The brighter side of forest fires

Previously I posted an overview of some work I did in the Ventana Wilderness. The photographs in that post were chosen primarily to give a balanced view of the forest after it had been burned to cinders a few years ago. The tallest trees in the forest are all dead, charred and leafless, but they’re largely still standing, leaving a hiker traversing the forest in a blackened mausoleum of creaking snags and ash.

On the other hand, life at the ground level has exploded. With more sun reaching the ground (there’s nothing like a canopy to block its passage) the soil has long since erupted into a thick mass of grasses, saplings, and ferns. Some of the saplings already reach five or six feet off the ground, and stands of regenerating forests were thick enough to warrant simply going around as we re-cut our trail.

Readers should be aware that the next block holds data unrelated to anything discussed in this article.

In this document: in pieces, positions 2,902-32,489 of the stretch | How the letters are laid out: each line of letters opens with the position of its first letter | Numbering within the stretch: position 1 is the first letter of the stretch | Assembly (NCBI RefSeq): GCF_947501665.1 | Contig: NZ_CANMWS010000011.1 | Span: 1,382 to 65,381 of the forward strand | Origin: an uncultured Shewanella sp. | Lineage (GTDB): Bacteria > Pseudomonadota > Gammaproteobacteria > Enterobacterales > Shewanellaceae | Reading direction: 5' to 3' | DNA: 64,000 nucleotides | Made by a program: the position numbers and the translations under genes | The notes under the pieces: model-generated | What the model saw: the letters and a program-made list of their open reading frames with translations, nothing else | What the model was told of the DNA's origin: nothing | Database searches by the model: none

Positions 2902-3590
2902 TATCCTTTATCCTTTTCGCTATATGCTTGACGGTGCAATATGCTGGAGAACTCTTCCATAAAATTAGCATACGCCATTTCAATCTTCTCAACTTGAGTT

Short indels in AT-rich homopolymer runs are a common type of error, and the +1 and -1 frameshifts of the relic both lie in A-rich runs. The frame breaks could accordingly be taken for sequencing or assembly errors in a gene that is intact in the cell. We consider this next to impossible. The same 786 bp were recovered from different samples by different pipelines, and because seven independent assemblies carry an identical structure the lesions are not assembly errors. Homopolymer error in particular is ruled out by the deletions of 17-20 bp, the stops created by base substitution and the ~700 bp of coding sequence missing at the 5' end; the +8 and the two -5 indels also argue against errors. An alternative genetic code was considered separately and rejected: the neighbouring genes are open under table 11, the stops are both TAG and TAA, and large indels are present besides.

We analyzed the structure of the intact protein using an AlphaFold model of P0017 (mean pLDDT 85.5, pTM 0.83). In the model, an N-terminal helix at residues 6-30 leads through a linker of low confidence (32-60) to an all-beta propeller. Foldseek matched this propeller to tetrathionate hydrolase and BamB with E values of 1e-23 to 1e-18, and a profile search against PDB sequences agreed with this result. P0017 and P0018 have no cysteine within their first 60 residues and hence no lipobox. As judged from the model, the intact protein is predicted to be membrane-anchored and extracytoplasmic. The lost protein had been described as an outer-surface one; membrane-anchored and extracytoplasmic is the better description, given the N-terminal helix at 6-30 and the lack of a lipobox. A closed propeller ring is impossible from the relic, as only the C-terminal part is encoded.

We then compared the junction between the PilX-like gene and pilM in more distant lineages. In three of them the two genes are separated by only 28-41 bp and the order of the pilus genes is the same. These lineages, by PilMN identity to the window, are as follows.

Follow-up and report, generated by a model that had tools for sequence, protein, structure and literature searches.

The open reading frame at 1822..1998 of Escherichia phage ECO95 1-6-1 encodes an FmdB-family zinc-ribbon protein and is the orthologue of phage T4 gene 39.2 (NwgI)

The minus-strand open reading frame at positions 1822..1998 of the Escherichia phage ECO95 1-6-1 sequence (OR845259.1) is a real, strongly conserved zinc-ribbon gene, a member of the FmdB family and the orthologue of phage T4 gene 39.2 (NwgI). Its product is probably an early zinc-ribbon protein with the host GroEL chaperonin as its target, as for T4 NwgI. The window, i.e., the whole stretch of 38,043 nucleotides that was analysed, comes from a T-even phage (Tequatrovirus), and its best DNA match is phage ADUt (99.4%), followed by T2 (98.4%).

Today’s photographs focus more on those instances of positive regeneration than upon the blackened snags. Enjoy.

New growth surrounds dead stems.

On break, it wasn’t as hot as the desert, but nor was it particularly cool. Note how the new growth has almost completely covered the old dead wood.

Luckily, although the fire was intense in the valley we were working in, it didn’t touch much of the rest of the park.

Places where the fire had been less severe regenerated considerably quicker.

In the absence of a shading canopy, new growth explodes from the forest floor.

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Posted on January 19, 2012, in The Ventana Wilderness and tagged , , , , , . Bookmark the permalink. Leave a comment.

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